By dbcjoinery, Jun 3 2015 01:33PM
While I never stopped woodworking completely, I had a spell where I could only work part-time after a shoulder injury and during which I wrote a PhD on Michel Foucault, the French philosopher. Foucault is often called a post-structuralist thinker, and post-structuralism arose, among other reasons, to displace a dominant paradigm in continental philosophy known as phenomenology, particularly existential phenomenology ... stick with me I will get to woodworking. In my academic days I was dismissive and a bit sniffy towards phenomenology and existentialism because I inherited Foucault's prejudice towards them, but every now and then something comes up in my workshop that leads me to believe the phenomenologists had a few worthy points.
Most good philosophical systems have an identifiable starting point; a sort of ground zero from which they build an understanding, or at least a description, of human thought, the nature of truth, the meaning of objects and so on. For rationalists like Descartes or Spinoza this ground zero is human reasoning, for empiricists like Hume and Locke it is experience of the world, for post-structuralists like Foucault and Derrida it is the hidden prejudices in our historical community or language.
For the French existentialist Jean-Paul Sartre this ground zero was existence. He famously said in the 1940s that "existence precedes essence". He argued that previous philosophers had mistakenly seen things the other way around. They had believed that the essence of something, that is, what it essentially, and finally, 'is' comes first and its existence comes later. One of his examples of this misguided way of thinking was the common perception of a paper knife. "We wouldn’t produce a paper knife without knowing what it’s for,” he said. Anyone who has been a woodworker can see the problem with this way of thinking. The handle of my tool box started off as a broomstick and the oak raised panels in my cupboard door samples started off as tongue and groove boards from Spitalfields market. This timber was not essentially a broom handle or floorboards first, no, it existed as a workable form that carpenters could shape into an object. And an object that furthermore was never essentially and finally settled into a given form as, with the intervention of skilled hands, it could always be reformed into something else. Anyone who has ever learned to use a lathe with a piece of scrap timber - hey this is fun, maybe this could be a table leg prototype; now its more of a chair leg; now a candlestick; oh no, not another chisel handle - knows that when it comes to existence preceding essence woodworkers were way ahead of Sartre.
However, the phenomenologist who stalks my joinery is really the German thinker Martin Heidegger. While it is difficult to pin down exactly what the ground zero for this confusing thinker was, one candidate is the 'there-ness' of the objects that surround us. This sounds a bit difficult but luckily for us Heidegger actually uses the example of a carpenter in his only long book Being and Time. He states that an experienced carpenter hammering nails doesn't even necessarily concentrate on hammer or nails. In this woodworker's mind, hammer and nails are not fully 'there' and have become what Heidegger calls 'ready to hand'. Now I've been practising my trade long enough that I can quite easily nail in a whole row of noggings while being completely preoccupied by how long it is to the next smoko break or why the plumber hasn't shown up yet. If you've ever arrived at your destination without really remembering the details of changing gears, indicating, putting on the hand brake and locking the car door you can probably relate to this.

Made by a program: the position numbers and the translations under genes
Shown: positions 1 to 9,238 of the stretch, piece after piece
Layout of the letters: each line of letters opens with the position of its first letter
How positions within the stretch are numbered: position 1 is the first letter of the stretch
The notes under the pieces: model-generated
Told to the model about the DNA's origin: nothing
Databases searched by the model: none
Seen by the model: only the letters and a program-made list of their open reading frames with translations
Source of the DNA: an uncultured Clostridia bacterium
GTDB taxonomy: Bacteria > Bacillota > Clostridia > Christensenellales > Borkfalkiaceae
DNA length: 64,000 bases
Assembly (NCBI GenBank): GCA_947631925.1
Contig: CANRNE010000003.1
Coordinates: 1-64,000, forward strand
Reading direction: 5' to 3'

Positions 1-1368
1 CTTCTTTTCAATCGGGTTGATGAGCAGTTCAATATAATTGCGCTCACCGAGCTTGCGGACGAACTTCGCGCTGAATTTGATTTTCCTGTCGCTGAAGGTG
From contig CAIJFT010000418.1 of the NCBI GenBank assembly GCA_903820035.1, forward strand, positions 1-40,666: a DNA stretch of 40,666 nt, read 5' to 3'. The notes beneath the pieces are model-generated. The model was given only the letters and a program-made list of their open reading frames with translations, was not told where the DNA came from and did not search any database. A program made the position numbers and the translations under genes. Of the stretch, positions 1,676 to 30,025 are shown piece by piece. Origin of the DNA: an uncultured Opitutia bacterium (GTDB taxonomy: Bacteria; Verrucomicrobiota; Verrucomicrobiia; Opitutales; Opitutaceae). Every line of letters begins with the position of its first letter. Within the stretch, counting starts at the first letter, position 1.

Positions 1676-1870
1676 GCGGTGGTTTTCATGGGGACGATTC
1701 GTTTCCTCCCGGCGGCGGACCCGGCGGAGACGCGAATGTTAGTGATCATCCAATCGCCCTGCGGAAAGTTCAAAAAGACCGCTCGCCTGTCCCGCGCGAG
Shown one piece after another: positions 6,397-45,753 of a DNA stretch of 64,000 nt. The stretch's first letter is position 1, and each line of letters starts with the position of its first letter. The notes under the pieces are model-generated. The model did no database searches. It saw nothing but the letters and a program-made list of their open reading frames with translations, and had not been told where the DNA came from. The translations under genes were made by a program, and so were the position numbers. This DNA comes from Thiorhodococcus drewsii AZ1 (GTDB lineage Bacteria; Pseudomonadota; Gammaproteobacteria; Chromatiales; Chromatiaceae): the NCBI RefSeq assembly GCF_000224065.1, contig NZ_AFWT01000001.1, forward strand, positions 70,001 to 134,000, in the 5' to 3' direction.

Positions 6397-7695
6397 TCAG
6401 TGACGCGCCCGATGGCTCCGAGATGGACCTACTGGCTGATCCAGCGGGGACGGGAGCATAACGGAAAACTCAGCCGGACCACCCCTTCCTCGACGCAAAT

For Heidegger, and here comes his impact for me, the there-ness of things often doesn't show up until you go wrong. Hit your thumb with the hammer and that thumb and hammer are suddenly very there. This was brought home to me early last year while I was making a stable door for a customer in Colchester. I dry fitted all the pieces together without the glue and was satisfied with the fit. I took it all apart, got the glue and clamps out and locked the workshop door so nobody could come in and distract me lest the glue set before the door had been set square. One of the door stiles, which I always leave a bit long until after my doors are assembled, had a splinter at the end which had kept catching on my shirt. Before I started the gluing I drew a neat pencil line close to end of the stile and cut it on the drop saw. Disaster. I cut the wrong pencil line. It was now too short. Nothing that I could remember had ever been more 'there' than that piece of hardwood. I had spent hours on it: milling it from rough sawn, cutting mortices and making grooves. I marvelled at its 'there-ness'. How could I have been such an idiot? How could that stile be too short? How could that too-short stile be so startlingly 'there'?
I was regarding the truncated piece of timber 'there' on the saw bench with German laughter mocking me from inside my head when a quiet French voice consoled me that at least it was now good for three or four chisel handles.